Practical tips for survival in biglaw

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hoorahray

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Re: Practical tips for survival in biglaw

Postby hoorahray » Thu Mar 03, 2016 11:09 am

Anonymous User wrote:I would opt for the longer commute to save money and peace out of biglaw sooner. i opted for the more expensive place with a shorter commute (paying 2200 instead of potentially1700-1800) and kind of wish i just had that extra cash and a 15-20 minute longer commute.


DC? This is my conundrum right now. I'm in a $2300 place that's a 15 minute door to door commute, but considering moving out to a 35-45 minute door to door that will only(ha) be around $1700.

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Re: Practical tips for survival in biglaw

Postby Anonymous User » Thu Mar 03, 2016 5:02 pm

hoorahray wrote:
Anonymous User wrote:I would opt for the longer commute to save money and peace out of biglaw sooner. i opted for the more expensive place with a shorter commute (paying 2200 instead of potentially1700-1800) and kind of wish i just had that extra cash and a 15-20 minute longer commute.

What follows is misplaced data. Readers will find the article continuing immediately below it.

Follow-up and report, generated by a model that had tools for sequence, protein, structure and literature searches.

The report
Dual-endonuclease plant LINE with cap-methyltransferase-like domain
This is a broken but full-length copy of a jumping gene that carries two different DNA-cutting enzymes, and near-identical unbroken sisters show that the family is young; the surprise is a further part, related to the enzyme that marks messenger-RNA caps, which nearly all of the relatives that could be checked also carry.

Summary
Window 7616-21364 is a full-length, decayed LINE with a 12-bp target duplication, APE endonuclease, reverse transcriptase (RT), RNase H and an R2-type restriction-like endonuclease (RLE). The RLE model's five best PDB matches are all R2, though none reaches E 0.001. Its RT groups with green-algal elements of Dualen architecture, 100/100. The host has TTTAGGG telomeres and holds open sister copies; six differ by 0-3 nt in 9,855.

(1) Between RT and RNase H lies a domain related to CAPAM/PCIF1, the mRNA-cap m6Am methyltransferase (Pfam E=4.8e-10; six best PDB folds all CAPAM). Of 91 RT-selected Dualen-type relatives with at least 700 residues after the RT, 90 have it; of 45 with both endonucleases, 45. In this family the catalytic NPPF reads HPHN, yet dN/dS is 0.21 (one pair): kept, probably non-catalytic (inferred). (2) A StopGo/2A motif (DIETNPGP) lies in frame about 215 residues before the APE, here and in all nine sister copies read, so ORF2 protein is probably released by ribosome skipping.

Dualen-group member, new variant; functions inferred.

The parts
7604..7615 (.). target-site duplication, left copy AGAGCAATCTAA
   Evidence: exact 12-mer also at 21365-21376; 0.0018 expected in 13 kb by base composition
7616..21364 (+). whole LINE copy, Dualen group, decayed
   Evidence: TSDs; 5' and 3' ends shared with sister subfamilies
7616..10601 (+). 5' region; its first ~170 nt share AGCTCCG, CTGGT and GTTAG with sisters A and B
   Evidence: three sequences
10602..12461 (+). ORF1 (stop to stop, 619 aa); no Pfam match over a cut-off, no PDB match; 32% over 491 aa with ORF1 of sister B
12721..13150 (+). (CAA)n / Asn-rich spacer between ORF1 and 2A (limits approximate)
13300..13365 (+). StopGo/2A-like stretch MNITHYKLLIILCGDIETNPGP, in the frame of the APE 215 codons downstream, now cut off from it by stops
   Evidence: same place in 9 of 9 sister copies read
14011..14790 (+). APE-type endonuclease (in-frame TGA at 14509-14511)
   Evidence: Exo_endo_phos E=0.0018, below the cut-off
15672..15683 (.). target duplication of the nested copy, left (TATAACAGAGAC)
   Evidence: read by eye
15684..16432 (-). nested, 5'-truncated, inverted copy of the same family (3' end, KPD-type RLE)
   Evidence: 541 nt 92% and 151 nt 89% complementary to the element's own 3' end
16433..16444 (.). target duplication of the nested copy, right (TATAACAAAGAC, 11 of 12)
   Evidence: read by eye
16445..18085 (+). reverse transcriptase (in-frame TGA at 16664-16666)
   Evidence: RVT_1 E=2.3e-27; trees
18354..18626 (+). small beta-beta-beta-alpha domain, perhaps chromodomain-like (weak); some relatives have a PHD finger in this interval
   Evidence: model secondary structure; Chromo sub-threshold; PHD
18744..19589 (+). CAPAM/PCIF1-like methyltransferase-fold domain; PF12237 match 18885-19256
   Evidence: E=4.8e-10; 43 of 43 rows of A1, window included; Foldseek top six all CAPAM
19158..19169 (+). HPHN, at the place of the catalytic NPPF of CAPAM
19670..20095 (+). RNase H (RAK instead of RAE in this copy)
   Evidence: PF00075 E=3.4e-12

DC? This is my conundrum right now. I'm in a $2300 place that's a 15 minute door to door commute, but considering moving out to a 35-45 minute door to door that will only(ha) be around $1700.


yep DC. Totally feel the pain and not sure what to do. Love my 20 minute commute but paying rent every month makes me sad. Not sure what to do about it. will the place you're looking at for $1700 be an upgrade over your current place? Seems like much better value as commute into dc gets longer

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Re: Practical tips for survival in biglaw

Postby Anonymous User » Thu Mar 03, 2016 7:47 pm

Anonymous User wrote:yep DC. Totally feel the pain and not sure what to do. Love my 20 minute commute but paying rent every month makes me sad. Not sure what to do about it. will the place you're looking at for $1700 be an upgrade over your current place? Seems like much better value as commute into dc gets longer


Other anon living in DC and going to SA at a firm 35mn away from where I live this summer. I am definitely planning to move closer - even if that means a likely $500 monthly rent bump - after I graduate, provided that i stay at the same firm. Commuting in D.C., especially by metro, sucks massively. I guess not everyone minds, but the constant delays/breakdowns/single-tracking/nonsense drives me nuts.

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TLSModBot

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Re: Practical tips for survival in biglaw

Postby TLSModBot » Thu Mar 03, 2016 8:12 pm

Anonymous User wrote: